Unlike the attorney-client privilege, the work product doctrine provides only a qualified protection from discovery. In the case of fact work product, the adversary can obtain a litigant’s work product if it establishes “substantial need” for the work product, and the inability to obtain the “substantial equivalent” of the work product without “undue hardship.” Fed. R. Civ. P. 26(b)(3)(A)(ii).
The “substantial need” element focuses on the work product’s importance to the adversary’s claims or defenses. Some courts hear the adversary’s argument in the abstract, while other courts actually look at the withheld work product. In Louis Vuitton Malletier v. Texas International Partnership, Civ. A. No. H-10-2821, 2012 U.S. Dist. LEXIS 67140, at *15 (S.D. Tex. May 14, 2012), the court rejected defendants’ argument that they had “substantial need” for correspondence related to plaintiff’s investigation of counterfeit products. The court explained that it “has reviewed the documents in camera, and the documents do not contain admissible evidence crucial to Defendants’ case.” Id. Because defendants did not have “substantial need” for the documents, the court did not address the other two requirements for overcoming plaintiff’s work product protection.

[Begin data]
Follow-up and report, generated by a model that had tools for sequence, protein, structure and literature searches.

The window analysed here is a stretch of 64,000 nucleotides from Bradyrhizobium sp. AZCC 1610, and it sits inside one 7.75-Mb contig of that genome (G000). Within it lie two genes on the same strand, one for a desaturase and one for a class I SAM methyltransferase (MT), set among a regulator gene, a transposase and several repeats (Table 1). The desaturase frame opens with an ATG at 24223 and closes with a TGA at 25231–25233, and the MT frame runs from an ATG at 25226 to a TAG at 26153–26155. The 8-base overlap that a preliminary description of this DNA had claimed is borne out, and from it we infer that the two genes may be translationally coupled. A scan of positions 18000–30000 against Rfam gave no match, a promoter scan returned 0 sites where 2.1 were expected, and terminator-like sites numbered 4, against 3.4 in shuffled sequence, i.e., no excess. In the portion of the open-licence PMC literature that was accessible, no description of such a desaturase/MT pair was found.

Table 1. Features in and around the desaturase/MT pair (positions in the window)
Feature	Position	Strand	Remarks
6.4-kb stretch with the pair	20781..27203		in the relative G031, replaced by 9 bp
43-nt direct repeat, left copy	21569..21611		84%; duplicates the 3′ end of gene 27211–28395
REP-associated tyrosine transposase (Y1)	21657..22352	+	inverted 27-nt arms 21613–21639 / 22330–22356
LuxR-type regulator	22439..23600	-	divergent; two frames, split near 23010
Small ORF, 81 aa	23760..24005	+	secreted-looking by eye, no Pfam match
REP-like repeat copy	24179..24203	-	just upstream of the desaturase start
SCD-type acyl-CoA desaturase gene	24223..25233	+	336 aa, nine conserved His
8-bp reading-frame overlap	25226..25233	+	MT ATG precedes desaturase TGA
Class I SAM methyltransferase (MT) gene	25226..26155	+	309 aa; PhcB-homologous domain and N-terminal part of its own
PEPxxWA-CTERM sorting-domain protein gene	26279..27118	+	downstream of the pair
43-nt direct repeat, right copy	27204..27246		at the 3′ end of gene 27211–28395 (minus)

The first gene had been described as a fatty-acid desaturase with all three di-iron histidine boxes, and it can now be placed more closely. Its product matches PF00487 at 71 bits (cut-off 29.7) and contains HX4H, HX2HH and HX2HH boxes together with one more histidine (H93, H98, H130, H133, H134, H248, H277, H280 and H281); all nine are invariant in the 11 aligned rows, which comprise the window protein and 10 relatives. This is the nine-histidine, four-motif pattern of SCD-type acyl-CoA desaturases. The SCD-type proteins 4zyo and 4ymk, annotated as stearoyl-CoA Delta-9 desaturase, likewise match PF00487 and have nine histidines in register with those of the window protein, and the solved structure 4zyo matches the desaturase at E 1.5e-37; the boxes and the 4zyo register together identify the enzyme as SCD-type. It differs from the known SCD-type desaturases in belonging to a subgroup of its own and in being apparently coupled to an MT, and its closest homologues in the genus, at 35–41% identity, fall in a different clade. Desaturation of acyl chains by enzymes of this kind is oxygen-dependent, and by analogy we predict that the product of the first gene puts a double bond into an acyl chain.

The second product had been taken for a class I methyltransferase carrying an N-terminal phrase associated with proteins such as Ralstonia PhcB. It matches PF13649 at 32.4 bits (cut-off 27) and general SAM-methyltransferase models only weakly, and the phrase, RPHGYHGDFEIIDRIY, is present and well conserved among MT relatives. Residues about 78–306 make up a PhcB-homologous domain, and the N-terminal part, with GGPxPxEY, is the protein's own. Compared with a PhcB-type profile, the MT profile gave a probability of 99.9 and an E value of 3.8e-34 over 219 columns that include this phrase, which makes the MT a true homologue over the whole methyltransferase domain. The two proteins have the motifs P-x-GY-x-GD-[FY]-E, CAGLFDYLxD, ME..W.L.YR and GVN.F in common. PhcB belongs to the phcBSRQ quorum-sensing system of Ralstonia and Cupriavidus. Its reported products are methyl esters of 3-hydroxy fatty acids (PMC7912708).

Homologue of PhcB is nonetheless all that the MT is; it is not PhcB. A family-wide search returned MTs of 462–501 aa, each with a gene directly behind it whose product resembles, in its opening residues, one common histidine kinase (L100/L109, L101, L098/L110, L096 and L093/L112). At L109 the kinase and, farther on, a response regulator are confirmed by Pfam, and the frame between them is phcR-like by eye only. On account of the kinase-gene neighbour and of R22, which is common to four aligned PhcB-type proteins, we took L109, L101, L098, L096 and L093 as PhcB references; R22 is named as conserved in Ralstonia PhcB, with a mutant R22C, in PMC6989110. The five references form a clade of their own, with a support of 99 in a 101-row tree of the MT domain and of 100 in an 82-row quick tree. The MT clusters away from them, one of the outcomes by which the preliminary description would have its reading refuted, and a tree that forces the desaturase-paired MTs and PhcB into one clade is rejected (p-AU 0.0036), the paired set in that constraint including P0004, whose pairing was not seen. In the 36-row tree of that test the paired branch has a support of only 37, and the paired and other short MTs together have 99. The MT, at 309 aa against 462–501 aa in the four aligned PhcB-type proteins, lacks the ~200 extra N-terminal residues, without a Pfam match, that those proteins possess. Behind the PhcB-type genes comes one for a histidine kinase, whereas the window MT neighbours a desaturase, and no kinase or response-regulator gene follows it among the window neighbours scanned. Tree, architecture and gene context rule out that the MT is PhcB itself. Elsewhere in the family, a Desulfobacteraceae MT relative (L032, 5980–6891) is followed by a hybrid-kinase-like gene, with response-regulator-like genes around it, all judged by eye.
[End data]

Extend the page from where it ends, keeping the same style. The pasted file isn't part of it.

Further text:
Not all courts review the withheld work product in this way, but doing so in some situations makes great sense.